The Road to Waitrose

Step 1

Waitrose have created a very comprehensive part of their website called the Small Producers Charter and their policy towards developing working relationships with small scale, regional suppliers is fully detailed. It is of course paramount that your product meets their stringent criteria for quality, taste, provenance, integrity, presentation, health and safety and point of difference. Your business could have as few as 10 employees or as many as 250, but you must be within 30 miles of one of their stores to qualify as local, as opposed to regional. The link is here.

Step 2

Once you have read the charter and followed its guidance, you can see the list and map of where the 12 different Regional Food Groups meet. There is a contact number and website address. They are the first port of call for a new artisan who wants to prepare for a “Meet the Buyer-Meet the Producer” day. The food groups are able to fine tune how the artisan is able to meet all the criteria in the selection process, and Waitrose strongly recommend you go through them in the first instance. Some producers are “discovered” by other means, e.g. at farm shops, food festivals and county fairs, but in the main it is the regional groups that act as the main forums for introduction to the Waitrose buyers. The discussions about pricing, distribution, timing, changes required and potential sales will all take place at the producers-buyers’ meeting. The link to the interactive map and Regional Food Groups is here. You need to select the region that your business is located in, and then make contact with the relevant person.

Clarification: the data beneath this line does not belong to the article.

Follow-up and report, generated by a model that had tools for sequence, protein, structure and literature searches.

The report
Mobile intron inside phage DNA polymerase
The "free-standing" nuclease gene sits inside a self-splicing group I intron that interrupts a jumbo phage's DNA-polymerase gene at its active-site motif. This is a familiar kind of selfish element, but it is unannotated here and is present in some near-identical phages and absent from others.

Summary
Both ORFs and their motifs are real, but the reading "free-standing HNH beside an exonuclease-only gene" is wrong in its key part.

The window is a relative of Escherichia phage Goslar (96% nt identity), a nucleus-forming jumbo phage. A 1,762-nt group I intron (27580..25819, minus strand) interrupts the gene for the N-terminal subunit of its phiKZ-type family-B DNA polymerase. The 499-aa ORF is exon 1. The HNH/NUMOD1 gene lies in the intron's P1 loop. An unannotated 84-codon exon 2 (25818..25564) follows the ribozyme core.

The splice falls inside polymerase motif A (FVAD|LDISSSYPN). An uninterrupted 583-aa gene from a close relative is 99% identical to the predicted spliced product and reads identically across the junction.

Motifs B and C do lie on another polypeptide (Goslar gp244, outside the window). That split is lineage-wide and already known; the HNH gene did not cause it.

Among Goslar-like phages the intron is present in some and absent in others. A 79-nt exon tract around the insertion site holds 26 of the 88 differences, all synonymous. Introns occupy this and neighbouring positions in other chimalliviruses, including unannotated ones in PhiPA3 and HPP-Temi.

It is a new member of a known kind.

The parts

Step 3

In order to have a comprehensive list of all producer “frequently asked questions” in The Foodie Bugle, I asked Tracey Marshall, Product Manager for Local and Regional food buying at Waitrose to answer six more detailed questions about their buying policies. Here is what I found out: